This past March, Disturbed got a chance to say it up close and personal when they appeared alongside such disparate acts as Jessica Simpson, Filter and the Pussycat Dolls as part of the Operation MySpace show that traveled to Kuwait City to perform for the troops. “Let me try to paint this visual for you,” Donegan begins. “We hit the stage, the crowd goes wild, and I’m up there playing guitar looking out at all of these servicemen and women. Everybody’s holding rifles, but everybody’s cheering and laughing and jumping up and down. It was the most amazing thing. Now, you try telling me that music can’t lift people, that it can’t move mountains, that it doesn’t have some sort of seismic force. I’ll tell you differently—’cause I’ve seen it!”
The idea of music’s seismic force has long fascinated Donegan. He caught the buzz the moment he picked up the guitar, when he was a teenager living in his hometown of Oak Lawn, Illinois. Even then he knew something magical happened every time he played a power chord. “It’s that way you feel the strings vibrating through the guitar and against your stomach,” he says. “I don’t know how anybody could get tired of that.” Later, when he formed Disturbed with drummer Mike Wengren, bassist Steve “Fuzz” Kmak and singer David Draiman (bassist John Moyer has since come on to replace Kmak), he held long and hard to that sensation as the band slogged through some decidedly un-metal-friendly Chicago clubs. “Making a name for ourselves was pretty tough at first,” Donegan admits. “A lot of Chicago clubs at the time catered to rock and alternative bands. Metal was considered kind of uncool. So we just took our music to the kids, to the people. It’s what we’ve always done. Before you knew it, we didn’t need anybody else’s scene. We had created one of our own.”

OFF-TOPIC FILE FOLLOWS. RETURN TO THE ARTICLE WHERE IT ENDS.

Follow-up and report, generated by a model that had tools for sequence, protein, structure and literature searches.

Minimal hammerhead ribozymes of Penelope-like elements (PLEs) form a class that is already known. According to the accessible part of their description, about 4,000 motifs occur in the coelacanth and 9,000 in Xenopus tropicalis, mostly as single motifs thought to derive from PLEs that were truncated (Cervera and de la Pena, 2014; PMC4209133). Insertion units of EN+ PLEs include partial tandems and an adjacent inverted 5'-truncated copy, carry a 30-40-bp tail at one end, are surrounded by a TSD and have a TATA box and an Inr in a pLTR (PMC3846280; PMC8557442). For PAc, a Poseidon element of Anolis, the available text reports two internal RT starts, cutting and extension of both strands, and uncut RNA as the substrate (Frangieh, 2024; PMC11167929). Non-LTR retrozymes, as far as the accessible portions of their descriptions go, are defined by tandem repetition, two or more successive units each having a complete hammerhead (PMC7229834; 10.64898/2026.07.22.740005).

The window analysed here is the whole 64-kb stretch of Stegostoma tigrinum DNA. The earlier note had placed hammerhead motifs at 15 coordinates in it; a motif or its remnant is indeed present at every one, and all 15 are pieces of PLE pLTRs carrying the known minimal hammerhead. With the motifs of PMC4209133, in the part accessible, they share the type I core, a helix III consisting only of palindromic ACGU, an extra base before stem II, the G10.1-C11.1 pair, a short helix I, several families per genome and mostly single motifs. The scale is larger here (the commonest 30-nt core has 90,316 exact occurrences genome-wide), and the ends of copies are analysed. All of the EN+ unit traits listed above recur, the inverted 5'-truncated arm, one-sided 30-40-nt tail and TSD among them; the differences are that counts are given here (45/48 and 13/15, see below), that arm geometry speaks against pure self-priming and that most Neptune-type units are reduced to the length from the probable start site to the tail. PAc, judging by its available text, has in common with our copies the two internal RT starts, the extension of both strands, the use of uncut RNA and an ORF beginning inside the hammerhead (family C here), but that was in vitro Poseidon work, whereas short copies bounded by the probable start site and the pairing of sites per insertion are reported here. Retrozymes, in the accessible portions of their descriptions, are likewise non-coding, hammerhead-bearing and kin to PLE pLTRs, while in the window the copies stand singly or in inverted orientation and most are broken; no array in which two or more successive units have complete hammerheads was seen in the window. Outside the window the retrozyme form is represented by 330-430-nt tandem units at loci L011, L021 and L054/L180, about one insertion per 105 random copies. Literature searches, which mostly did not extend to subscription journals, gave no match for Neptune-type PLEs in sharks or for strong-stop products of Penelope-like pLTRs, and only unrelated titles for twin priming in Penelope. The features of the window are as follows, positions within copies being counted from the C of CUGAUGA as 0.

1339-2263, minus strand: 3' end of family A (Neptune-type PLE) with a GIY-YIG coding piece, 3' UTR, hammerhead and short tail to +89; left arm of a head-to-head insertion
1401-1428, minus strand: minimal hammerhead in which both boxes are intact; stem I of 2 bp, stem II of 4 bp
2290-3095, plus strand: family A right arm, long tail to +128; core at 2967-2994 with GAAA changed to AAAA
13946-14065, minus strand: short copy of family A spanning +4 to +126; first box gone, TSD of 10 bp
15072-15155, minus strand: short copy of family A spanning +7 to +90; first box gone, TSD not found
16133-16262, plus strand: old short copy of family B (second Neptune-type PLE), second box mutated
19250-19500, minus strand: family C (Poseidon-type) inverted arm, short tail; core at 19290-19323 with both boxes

Disturbed recorded a demo that caught the attention of Giant Records. After signing a deal, they threw down and recorded The Sickness with their friend and producer Johnny K. Powered by the hit “Down with the Sickness,” the album was a roaring success, eventually selling more than three million copies. Two more Johnny K –produced albums, Believe and Ten Thousand Fists, followed. The Disturbed sound— Donegan’s Homeric riffs, Wengren’s jackhammer beats and Draiman’s animalistic howls—was buried in the thicket of metal fans’ senses. The combined sales of all three albums was closing in on 10 million. No one in his right mind would want to mess that up, right?
“I don’t know if we messed it up,” Donegan says, laughing. “At least I don’t think we did.” The guitarist is addressing the band members’ decision to oust Johnny K from the producer’s chair and assume knob-turning duties themselves. “It was just something we all knew we had to do. For our sound to evolve, and for us to grow as a band and see what we were truly capable of, we had to take on the whole nine yards. And that meant making the record our own way.”